“I don’t know, it was just a reaction,” I said as I curled up in front of the passenger seat on the floor.
“I don’t know why I ducked, he doesn’t even now me,” we thought about that for a second and then all burst out laughing. The laughter was abruptly halted when we all heard it, a tap on the window. At that moment nothing was funny, it was a, the-call-is-coming-from-inside-the-house moment.
“Wanda, why are you on the floor?” Andy yelled through the window.
I got up into the seat and pushed the button to bring the window down. “I had cramps, and curling up helps,” when will the lies stop? I asked myself.
“What?” Andy looked confused. I was just glad he didn’t notice everyone else hiding in the car.
“What are you doing here?” maybe asking questions would take his mind off me posed in a fetus position.
“I’ve been here for almost an hour, where’ve you been?” his voice slightly gained octaves with each word.
“I didn’t feel well, so I called Charlotte to pick me up early. Then I thought I might need something to eat, since you didn’t expect me home anyway, I thought what’s the harm in stopping at a restaurant to relax and eat something,” I hoped he’d believe me. It was kind of a half-truth, would that be considered a clear lie, just a step above a white lie?
“That doesn’t make sense, try again,” he said it, as if he dared me to lie again. He stood in front of me as I remained in the car with his arms crossed, and with a fixed stare, eyeballs to eyeballs.
“You’re right, lies upon lies,” I had enough, the first lie was like a seed and it sprouted, then it produced more lies. “First, where’s Ivy?” that I wanted to know, and I wasn’t budging on it.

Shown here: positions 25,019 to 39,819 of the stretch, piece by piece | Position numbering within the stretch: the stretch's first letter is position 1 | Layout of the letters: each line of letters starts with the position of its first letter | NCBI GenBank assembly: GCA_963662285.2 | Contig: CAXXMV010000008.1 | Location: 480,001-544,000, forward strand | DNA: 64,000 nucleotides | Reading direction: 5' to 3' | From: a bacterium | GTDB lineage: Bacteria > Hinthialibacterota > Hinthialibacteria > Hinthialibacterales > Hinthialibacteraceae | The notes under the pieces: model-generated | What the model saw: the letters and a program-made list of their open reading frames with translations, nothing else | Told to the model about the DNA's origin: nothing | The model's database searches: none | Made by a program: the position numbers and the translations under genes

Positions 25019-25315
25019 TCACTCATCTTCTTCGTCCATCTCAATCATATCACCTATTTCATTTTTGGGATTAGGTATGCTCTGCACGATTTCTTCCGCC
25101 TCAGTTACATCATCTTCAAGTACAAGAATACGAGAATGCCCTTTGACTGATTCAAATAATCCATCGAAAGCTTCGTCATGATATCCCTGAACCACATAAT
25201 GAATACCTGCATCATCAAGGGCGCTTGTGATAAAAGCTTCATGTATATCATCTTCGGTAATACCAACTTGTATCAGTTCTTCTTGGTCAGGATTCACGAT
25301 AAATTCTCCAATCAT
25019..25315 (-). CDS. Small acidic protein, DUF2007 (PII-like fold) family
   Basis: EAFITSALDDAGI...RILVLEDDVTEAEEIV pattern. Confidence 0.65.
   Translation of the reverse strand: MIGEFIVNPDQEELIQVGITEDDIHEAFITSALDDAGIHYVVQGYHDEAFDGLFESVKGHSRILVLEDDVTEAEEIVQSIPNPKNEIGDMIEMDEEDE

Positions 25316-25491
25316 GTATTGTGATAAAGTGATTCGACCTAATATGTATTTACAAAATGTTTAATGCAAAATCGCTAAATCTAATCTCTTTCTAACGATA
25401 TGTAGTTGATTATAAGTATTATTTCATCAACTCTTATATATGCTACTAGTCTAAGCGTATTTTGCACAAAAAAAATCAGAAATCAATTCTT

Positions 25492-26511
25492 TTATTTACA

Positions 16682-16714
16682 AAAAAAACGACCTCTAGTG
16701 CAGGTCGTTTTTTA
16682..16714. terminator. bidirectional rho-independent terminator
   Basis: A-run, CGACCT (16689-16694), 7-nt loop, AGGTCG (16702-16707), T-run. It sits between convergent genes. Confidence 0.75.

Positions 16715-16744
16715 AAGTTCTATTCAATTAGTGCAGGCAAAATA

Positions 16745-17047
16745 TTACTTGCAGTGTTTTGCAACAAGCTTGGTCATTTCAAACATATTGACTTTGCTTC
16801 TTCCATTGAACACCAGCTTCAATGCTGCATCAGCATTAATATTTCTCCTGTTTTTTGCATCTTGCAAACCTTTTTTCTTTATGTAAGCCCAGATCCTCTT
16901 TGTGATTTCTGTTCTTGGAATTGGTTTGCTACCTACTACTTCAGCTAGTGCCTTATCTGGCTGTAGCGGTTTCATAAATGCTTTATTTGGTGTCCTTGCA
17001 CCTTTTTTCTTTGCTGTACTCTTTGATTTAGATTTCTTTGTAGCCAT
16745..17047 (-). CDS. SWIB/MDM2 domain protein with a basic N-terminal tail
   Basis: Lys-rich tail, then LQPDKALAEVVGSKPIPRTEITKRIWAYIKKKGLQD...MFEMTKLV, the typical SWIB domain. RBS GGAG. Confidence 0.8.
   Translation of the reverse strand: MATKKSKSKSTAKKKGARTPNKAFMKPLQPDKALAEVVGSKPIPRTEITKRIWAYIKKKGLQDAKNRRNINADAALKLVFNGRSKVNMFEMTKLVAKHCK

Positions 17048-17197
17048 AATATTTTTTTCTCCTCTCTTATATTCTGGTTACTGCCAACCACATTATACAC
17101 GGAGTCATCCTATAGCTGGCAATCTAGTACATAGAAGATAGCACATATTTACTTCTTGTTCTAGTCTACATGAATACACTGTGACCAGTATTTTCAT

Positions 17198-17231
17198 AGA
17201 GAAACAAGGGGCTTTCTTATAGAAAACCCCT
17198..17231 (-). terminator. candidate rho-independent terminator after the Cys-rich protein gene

“Good-bye Charlotte, and whoever you are in the back,” he looked at me and said, “we need to talk, let’s go home,” he motioned for me to follow him.
I stepped out of Charlottes car, turned through the open window and said, “I’ll call you later Sis, bye Roberta”.
The car ride home started out silently, but it was broken when Andy asked, “you know don’t you?”
I was stunned.
“I’m sorry,” he apologized, “please believe me”.
I was not sure what he was talking about, but I wanted to see where it was going. “First tell me where Ivy is, and then tell me everything,” I asked.
“The baby is at my mom’s,” he said and then stopped right there.
I took a wild guess and said, “She’s been there every Tuesday night when I go to school hasn’t she?”
“Yes,” a simple word, but this answer tells me that there’s so much more.
“Now, tell me everything,” I was starting to get scared, has he been unfaithful, is he into something illegal, what’s happening?
“It started as a dare, I thought it would be fun, but I enjoyed it so much, it became my guilty pleasure. I wanted to tell you, but I wasn’t sure you’d be okay with it,” he confessed, but obviously thought I knew what he was talking about. “When I saw you crossing Delaware Blvd., and then checked your locater, I’d saw you turned it off and I knew, you knew because you were following me.”
El Rey’s is just off Delaware! He must have seen us and thought we were following him. “This has been going on for three weeks?”
“No, longer. I thought you would have found out before. I swear I’ll stop if you want me to,” he sounded worried.
“What do you get out of it?” I was still fishing for clues. I don’t think it’s another woman, he wouldn’t have given me a choice on stopping.
“It started about two months ago. First I’d take long lunches and then I started going one or two days a week. I usually told you I was working late,” he continued after a pause, “I’m sorry, should have told you,” Andy apologizes again.
I remember finding boxing gloves in the back of his car, I asked him about it, but he said they belonged to Larry, a co-worker. Then I remembered there was a boxing gym by El Rey’s, “Boxing! You’ve been boxing?”
“Yes, I thought you knew?”
“I do know, yes, boxing,” a relief warms me like hot cocoa on a cold, winter night. “I think we have a lot of talking to do. First, let me say, don’t get mad at me, but…” we discuss the whole crazy night, realize we both needed free time to do something other than marvel at our child.
“I feel so much better telling you what I’ve been doing,” Andy holds me close, “and no more lies,” he adds.
“No more lies, I promise, honesty will prevail,” I say, happy for our newfound understanding.